“I don’t know,” said Christine.
Sam looked over her shoulder. “Was that always there?”
Christine turned to look down the hall. At the end was a door that she had never noticed before—not in all the years she’d grown up in this house.
Sam’s mom came up to them, her pink hat blossoming with flowers, and said, “That’s where you’ll get married.” A cluster of relatives swarmed and inundated them with instructions.
“You’ll go in together and wait for the officiant.”
“Who is it?” asked Christine.
“He’ll be small.”
“No—tall. His hair brushes the ceiling.”
“You’ll know him by his eyes.”
“He’ll come down through the chimney.”
“Is it Santa?” asked Sam.
“Go in and see.”
Sam’s mother softly touched their cheeks. “You’ll know what to do.”
Christine looked at Sam, who smiled and shrugged. They joined hands and walked down the hall, which seemed to close in on either side. They opened the door. Inside was black. The darkness wrapped around them like a blanket as they entered.
They knelt, side by side, in the exquisite dark and quiet of the room. Their eyes adjusted slowly to the darkness. It was a small room. It felt crowded, though they were the only ones inside. Vague shapes of old furniture loomed: a couch, a lamp, a wardrobe—real estate for resident spiders. There was a little window high up on the wall, through which no light came. Across from them was a fireplace, holding deeper darkness.
There was no sound but each other’s breathing. Their heartbeats pulsed through their interlaced fingers. Seconds went by. Then minutes. Time stretched. They looked at each other and giggled. Nervous.
“Are they coming?”
They snorted with laughter and shushed each other, which just made them laugh more. Then it subsided. Both went quiet. They felt jittery and a little awkward. They couldn’t see each other’s faces. Sam let go of Christine’s hand. His voice sounded distant.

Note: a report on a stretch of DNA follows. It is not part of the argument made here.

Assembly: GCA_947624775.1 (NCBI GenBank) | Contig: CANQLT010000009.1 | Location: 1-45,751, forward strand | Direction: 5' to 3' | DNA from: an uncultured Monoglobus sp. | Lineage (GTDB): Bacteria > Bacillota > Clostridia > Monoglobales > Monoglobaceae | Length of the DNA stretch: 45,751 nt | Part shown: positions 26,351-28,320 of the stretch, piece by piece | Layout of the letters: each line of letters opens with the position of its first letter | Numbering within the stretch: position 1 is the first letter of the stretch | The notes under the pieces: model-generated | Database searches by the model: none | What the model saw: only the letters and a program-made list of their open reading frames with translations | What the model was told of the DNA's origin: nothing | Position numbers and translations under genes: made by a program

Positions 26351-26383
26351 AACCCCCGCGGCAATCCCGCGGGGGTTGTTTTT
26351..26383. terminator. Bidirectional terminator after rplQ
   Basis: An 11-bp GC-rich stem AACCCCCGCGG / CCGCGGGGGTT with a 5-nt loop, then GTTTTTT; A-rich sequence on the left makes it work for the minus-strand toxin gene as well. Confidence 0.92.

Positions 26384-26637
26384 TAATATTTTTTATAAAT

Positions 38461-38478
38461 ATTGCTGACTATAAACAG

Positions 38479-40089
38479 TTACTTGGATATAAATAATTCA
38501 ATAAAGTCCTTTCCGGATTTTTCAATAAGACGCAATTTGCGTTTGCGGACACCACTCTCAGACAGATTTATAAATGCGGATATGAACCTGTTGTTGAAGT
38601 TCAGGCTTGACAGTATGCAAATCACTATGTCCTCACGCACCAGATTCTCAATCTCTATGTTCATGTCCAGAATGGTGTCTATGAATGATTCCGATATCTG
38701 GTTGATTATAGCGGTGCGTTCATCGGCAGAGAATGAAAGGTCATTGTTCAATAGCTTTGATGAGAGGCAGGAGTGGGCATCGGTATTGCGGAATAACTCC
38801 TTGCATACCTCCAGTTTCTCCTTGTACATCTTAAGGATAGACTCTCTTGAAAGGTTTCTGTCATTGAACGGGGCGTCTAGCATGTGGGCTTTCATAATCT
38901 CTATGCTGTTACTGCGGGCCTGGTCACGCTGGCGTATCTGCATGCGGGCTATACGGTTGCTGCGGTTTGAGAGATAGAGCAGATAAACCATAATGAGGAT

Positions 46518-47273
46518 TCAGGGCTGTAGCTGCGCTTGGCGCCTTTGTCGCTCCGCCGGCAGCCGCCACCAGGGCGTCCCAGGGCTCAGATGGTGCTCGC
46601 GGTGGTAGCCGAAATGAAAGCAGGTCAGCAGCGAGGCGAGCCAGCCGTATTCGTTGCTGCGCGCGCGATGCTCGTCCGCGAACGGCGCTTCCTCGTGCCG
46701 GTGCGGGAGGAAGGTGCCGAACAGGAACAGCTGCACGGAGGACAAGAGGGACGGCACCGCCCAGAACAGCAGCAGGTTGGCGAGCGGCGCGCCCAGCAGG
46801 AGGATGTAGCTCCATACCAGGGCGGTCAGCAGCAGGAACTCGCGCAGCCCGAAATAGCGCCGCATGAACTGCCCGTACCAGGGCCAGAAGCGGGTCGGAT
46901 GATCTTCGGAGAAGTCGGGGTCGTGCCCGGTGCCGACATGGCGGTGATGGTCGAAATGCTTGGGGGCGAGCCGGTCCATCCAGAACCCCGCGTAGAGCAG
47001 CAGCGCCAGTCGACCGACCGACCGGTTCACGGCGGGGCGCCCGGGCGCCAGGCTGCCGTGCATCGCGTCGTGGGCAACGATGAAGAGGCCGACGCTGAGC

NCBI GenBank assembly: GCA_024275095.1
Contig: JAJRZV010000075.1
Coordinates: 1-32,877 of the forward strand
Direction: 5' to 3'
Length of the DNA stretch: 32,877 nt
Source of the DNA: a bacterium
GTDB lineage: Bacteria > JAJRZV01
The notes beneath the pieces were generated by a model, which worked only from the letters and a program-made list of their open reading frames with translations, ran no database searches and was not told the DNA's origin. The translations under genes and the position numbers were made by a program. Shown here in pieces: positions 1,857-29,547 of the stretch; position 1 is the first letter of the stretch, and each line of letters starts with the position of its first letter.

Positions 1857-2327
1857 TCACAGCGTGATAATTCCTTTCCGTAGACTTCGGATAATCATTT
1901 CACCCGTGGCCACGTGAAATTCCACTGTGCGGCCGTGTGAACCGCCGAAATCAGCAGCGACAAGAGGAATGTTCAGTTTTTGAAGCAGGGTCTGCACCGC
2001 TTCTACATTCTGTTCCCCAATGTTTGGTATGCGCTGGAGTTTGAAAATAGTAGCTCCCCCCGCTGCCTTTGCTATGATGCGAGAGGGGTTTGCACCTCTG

“I always thought I’d be a dad.” The words drifted through the room, got stuck in the cobwebs.
“Are we stealing from each other?”
Neither one had an answer. They felt far away from each other, lost in the dark.
“What if the officiant doesn’t show up?”
The floorboards creaked under their weight. Their knees were getting sore. It felt like hours since they had come through the door.
“Should we just say the officiant came?”
“You mean lie?”
“I don’t know if it would be a lie. Your mom said we’d know what to do, right? Maybe this is what’s expected.”
The words hung in the darkness. Christine and Sam turned to face each other. They joined hands. Another giggle rippled through them. They whispered the words together.
“I marry you.”
Their voices came out shaky. They were trembling. They sat up on their knees and searched for each other’s lips in the dark, but before they could kiss, they felt an interruption in the drafty air—a smell like smoke, and pumpkins, and fresh turned soil.
They turned to the fireplace and saw the orange glint of eyes within. Neither one breathed. They squeezed each other’s hands.